Missouri is one of 32 states where LGBT people are not fully protected from discrimination in employment, housing, or public spaces like businesses, restaurants, public transit or other public accommodations. Without comprehensive protections from discrimination based on sexual orientation and gender identity, gay, lesbian, bisexual and transgender people will continue to suffer discrimination with no legal recourse available to them.
At the local level Cathy often makes the short drive to the Capitol in Jefferson City to lobby lawmakers, speak out against anti-LGBT legislation, and stand up in favor of proactive efforts to pass greater, more inclusive non-discrimination protections for LGBT people. She loves working on statewide events like Pride celebrations and LGBT community gatherings. And she is advocating increasingly on the national level – last year she attended the GLAAD Media Awards and the United State of Women summit sponsored by the White House. She is also an apprentice in Freedom for All Americans’ LGBT University program, dedicated to training the next wave of leaders in the movement for LGBT-inclusive non-discrimination protections.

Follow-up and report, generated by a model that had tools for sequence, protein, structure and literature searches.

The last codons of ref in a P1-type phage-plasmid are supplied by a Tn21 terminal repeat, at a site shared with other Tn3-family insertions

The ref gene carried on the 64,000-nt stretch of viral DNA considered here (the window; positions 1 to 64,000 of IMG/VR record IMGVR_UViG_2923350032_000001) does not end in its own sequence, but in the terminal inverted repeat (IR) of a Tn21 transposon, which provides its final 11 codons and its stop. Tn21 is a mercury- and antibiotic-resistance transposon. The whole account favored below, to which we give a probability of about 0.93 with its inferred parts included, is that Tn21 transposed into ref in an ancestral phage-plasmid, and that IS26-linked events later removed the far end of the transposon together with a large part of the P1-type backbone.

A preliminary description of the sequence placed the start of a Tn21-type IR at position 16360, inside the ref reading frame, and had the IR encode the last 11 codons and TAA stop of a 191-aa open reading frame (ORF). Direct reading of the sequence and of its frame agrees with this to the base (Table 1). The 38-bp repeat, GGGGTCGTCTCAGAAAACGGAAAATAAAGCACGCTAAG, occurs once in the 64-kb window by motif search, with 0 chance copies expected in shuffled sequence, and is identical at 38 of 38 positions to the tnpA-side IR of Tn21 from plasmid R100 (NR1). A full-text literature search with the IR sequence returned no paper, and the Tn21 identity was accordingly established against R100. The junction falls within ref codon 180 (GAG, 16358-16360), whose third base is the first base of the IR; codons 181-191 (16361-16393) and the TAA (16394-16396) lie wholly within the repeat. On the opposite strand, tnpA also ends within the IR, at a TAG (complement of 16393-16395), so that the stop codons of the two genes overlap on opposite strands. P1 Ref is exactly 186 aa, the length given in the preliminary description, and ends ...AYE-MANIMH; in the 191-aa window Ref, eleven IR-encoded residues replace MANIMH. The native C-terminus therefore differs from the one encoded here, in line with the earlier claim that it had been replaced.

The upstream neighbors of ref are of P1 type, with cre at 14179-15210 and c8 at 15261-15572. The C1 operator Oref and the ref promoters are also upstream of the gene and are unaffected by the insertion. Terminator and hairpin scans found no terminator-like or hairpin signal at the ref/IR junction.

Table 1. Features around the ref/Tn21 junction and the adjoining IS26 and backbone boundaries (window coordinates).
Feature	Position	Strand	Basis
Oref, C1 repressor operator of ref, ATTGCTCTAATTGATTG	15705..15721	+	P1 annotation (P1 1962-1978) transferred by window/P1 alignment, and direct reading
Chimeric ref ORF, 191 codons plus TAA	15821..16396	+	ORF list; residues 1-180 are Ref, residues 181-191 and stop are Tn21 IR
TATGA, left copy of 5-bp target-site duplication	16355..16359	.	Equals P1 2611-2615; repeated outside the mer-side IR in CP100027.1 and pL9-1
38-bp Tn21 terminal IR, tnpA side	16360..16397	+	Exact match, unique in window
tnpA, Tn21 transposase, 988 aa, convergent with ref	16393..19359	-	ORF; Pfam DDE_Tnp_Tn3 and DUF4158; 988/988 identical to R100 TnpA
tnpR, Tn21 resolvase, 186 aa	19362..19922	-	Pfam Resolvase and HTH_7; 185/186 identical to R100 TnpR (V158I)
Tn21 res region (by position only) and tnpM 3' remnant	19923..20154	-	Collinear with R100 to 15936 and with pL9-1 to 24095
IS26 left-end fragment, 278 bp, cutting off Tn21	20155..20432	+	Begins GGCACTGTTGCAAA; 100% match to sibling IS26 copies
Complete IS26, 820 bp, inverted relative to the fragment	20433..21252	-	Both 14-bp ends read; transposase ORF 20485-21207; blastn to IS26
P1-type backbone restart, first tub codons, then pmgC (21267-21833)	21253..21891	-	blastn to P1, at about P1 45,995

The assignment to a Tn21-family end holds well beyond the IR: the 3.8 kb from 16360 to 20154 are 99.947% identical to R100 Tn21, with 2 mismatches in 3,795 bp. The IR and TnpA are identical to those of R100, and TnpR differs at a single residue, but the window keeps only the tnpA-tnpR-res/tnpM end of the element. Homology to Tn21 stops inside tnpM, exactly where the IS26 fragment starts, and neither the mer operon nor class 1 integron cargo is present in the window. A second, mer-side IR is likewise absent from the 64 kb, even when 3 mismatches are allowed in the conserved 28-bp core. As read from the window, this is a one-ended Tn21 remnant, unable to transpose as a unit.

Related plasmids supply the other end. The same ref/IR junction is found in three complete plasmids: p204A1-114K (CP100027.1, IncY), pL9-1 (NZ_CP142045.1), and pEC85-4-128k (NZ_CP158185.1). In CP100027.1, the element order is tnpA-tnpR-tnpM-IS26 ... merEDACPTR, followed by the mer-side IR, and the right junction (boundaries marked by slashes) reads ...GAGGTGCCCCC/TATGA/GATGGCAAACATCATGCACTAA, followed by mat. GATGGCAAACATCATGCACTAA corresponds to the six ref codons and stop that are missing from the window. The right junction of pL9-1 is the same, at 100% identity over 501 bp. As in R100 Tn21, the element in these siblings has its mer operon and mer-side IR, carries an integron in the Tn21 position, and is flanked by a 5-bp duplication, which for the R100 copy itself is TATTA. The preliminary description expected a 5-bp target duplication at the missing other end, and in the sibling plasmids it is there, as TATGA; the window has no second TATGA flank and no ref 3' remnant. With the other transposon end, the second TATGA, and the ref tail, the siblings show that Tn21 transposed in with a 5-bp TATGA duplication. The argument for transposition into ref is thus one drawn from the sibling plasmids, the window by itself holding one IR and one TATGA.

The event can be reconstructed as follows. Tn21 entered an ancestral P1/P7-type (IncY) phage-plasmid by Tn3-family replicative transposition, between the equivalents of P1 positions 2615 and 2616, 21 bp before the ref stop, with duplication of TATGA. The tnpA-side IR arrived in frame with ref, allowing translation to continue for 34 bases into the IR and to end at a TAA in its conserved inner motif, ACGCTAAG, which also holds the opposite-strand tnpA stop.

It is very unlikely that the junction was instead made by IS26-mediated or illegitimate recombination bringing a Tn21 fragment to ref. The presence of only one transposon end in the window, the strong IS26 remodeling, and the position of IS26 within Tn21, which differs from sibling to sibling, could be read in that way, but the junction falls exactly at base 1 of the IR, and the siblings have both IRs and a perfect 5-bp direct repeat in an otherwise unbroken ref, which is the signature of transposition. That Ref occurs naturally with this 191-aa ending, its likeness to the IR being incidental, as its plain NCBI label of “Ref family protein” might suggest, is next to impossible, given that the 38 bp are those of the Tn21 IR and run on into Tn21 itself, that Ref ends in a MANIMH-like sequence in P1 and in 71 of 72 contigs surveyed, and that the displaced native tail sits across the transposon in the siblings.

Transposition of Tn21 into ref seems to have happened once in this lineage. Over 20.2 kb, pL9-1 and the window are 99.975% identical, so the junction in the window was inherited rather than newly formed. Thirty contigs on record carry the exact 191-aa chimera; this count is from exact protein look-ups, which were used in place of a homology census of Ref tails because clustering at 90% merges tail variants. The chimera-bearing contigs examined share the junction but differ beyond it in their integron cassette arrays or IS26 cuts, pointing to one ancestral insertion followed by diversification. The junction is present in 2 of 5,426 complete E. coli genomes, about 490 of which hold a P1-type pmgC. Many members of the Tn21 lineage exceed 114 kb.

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Fighting against discrimination isn’t just an ideal that Cathy cares about – it’s something to which she has an extreme personal connection. “As a trans person, I’ve been denied employment, I’ve been denied health care, I’ve been dragged out of bathrooms and beaten up. I’ve definitely had my fair share of discrimination,” she said.
In that sense, she is advocating on behalf of her own experiences and working to ensure that others like her will not face the same challenges moving forward. “I don’t want to have to face discrimination myself, and I’ve had my fair share of it, but I also want to help better the lives of people who come after me.”
“I’m really passionate about this,” she continued. “I know about this, because I live it every day. I tell everyone that this isn’t so much to better my own life, but it’s to better the lives of my grandchildren’s generation, and hopefully they don’t have to do this. I want to make a difference for the younger generation, and that’s a big driving force. That’s what drives me.”
Cathy has three granddaughters, and they’re the epitome of the next generation – the people who Cathy is working to build a better future for, a future where no one faces discrimination because of who they are, a future where everyone is treated with respect, dignity, and fairness.
She is also, in some way, hoping to set a positive example for her granddaughters of the importance of fighting for what you believe in and for what matters to you.
“They just know me as Grandma,” Cathy said. “And I want my grandchildren when they grow up to be able to get on the Internet and look and see all the good things Grandma did. I want to leave something behind for my family, something good that they can remember me for.”